Nuts can be a tasty and healthy snack. But for those who are allergic, they can cause quite a bit of trouble.
Here are four things parents should know about this common food allergy.
Written by: Miami Children’s Hospital
Nuts are one of the most common allergy-causing foods, affecting over 20 million people in the U.S. And many studies show that these numbers are steadily increasing,” said Dr. Vivian Hernandez-Trujillo, Director of the Division of Allergy and Immunology at Miami Children’s Hospital. “While the exact cause of these type of allergies is still unknown, allergic reactions happen as a result of the immune system overreacting to proteins in this type of food, treating them as harmful invaders and fighting them with antibodies that release chemicals into the body.”
Symptoms Vary With Each Child
Allergic reactions to nuts are different in each individual, and can even be different with each encounter with the allergen. “The release of antibodies in response to a nut allergy can affect a child in many different ways, from the gastrointestinal tract and skin, to the lungs and cardiovascular system,” explained Dr. Hernandez-Trujillo. As a result, symptoms can range from hives and coughing, to stomachache or vomiting.
Nut Allergies Can Be Life Threatening
Allergies to nuts generally cause mild reactions in children, though in some cases, it can result in a severe reaction called anaphylaxis, particularly in those children with a severe allergy to peanuts. Anaphylaxis can cause symptoms such as trouble breathing, fainting, and if not treated, can result in death.
An Allergist Can Best Diagnose a Nut Allergy
If you suspect your child may have a nut allergy, talk to your pediatrician. He or she can determine if your child could benefit from seeing an allergist.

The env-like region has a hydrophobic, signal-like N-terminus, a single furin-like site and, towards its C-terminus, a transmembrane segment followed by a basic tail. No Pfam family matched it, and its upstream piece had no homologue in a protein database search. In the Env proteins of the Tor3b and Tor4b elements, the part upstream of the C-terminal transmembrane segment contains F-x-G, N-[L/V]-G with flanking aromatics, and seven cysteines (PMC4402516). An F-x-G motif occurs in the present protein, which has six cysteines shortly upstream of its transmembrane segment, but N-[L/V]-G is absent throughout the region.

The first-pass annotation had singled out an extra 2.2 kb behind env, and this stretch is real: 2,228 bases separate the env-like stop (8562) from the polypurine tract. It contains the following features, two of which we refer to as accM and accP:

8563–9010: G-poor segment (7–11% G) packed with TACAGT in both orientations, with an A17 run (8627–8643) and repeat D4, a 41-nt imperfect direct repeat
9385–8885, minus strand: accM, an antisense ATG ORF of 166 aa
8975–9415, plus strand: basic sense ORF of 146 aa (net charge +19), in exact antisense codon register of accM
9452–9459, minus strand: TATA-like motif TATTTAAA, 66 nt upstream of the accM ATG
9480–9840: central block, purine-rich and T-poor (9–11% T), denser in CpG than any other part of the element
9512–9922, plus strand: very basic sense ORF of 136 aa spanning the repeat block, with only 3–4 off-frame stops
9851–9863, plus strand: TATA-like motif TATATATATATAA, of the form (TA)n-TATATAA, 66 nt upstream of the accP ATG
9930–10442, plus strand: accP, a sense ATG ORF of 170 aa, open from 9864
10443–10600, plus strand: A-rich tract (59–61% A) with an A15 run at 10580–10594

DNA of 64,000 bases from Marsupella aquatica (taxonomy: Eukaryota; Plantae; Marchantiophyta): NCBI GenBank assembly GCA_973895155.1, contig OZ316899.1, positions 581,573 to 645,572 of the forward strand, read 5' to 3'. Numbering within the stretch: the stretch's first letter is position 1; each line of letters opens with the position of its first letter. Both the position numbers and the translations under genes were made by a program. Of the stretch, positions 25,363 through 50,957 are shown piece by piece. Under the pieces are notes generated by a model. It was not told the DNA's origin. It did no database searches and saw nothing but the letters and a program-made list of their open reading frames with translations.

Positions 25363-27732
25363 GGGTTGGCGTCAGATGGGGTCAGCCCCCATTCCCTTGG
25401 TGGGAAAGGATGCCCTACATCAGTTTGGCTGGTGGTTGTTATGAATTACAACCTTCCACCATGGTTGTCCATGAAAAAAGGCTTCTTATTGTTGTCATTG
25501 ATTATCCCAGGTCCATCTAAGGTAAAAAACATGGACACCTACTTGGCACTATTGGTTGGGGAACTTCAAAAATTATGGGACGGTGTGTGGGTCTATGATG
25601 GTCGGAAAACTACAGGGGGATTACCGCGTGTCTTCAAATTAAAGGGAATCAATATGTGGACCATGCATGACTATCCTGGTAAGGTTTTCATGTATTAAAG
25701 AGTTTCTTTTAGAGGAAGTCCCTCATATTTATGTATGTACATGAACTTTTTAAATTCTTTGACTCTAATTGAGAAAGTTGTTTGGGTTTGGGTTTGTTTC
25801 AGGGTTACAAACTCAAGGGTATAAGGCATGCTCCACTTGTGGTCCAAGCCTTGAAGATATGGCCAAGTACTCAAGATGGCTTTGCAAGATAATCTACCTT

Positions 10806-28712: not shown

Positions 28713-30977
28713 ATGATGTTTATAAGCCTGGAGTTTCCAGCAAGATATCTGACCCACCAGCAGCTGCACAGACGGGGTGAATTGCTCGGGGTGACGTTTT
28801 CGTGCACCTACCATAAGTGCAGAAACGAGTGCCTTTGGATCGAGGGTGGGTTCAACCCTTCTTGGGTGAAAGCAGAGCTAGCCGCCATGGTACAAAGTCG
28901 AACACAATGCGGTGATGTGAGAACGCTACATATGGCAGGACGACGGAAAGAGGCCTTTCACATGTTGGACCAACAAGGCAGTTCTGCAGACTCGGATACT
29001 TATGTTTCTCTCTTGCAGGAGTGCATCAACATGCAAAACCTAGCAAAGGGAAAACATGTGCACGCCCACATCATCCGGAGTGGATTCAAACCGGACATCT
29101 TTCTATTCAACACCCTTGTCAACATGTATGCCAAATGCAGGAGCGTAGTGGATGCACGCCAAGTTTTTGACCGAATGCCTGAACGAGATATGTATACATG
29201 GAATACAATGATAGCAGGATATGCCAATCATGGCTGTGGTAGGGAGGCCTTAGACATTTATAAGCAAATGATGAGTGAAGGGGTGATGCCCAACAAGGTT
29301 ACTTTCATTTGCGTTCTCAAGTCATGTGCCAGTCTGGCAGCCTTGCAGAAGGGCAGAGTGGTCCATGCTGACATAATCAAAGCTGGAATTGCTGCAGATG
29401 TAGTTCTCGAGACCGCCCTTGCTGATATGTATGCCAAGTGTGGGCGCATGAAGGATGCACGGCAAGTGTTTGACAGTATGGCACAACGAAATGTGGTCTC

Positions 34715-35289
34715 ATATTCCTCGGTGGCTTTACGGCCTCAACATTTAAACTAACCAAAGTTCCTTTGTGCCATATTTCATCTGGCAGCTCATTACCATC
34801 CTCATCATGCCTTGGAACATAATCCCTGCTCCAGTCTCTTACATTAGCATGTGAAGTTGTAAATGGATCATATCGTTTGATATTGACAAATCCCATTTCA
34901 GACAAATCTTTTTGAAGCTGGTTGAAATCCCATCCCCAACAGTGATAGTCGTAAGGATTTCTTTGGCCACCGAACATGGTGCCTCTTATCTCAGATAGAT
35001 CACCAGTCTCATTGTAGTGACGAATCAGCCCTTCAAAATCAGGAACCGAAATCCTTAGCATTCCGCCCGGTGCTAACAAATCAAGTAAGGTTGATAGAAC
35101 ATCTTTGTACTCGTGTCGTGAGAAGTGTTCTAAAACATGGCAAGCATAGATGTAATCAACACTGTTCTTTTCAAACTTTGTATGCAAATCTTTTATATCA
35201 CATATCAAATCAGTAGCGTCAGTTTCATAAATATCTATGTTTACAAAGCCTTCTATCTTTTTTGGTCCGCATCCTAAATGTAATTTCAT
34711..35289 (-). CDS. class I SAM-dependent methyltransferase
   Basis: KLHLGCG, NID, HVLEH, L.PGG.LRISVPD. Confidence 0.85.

An allergy specialist will likely ask you questions about your family history of allergy-related conditions such as eczema or asthma, as well as what type of symptoms your child experiences when exposed to certain nuts. The allergist may also choose to order tests as a way to see how your child’s body reacts to an extremely small amount of the nut they may be allergic to.
“It’s important to remember that if your child has a nut allergy, even exposure to a small amount of a potential allergen could lead to anaphylaxis, and you should never try exposure to nuts at home,” noted Dr. Hernandez-Trujillo.
Prevention is Key
If your child is diagnosed with a nut allergy, make sure you investigate items that may contain nuts, including certain cookies, candy, ice cream and certain sauces before keeping them in your home. Peanuts are also known by many other local names, including earth nuts, ground nuts, goober peas, monkey nuts, pygmy nuts and pig nuts, so make sure you read labels thoroughly. You should also talk to family members, friends, as well as your child’s teachers and coaches so that everyone can practice caution with certain foods around your child. Also be sure to inform servers at restaurants so that they can exercise precautions and keep your child’s food away from dishes that may contain nuts.
“When your child has a nut allergy, the most important thing to remember is to have an emergency plan,” said Dr. Hernandez-Trujillo. “Keeping an epinephrine auto-injector available at all times can help ease symptoms of severe allergic reactions. You should also designate someone to administer the shot in your absence. The auto-injector should be available wherever the child is. ”
For more information, visit mch.com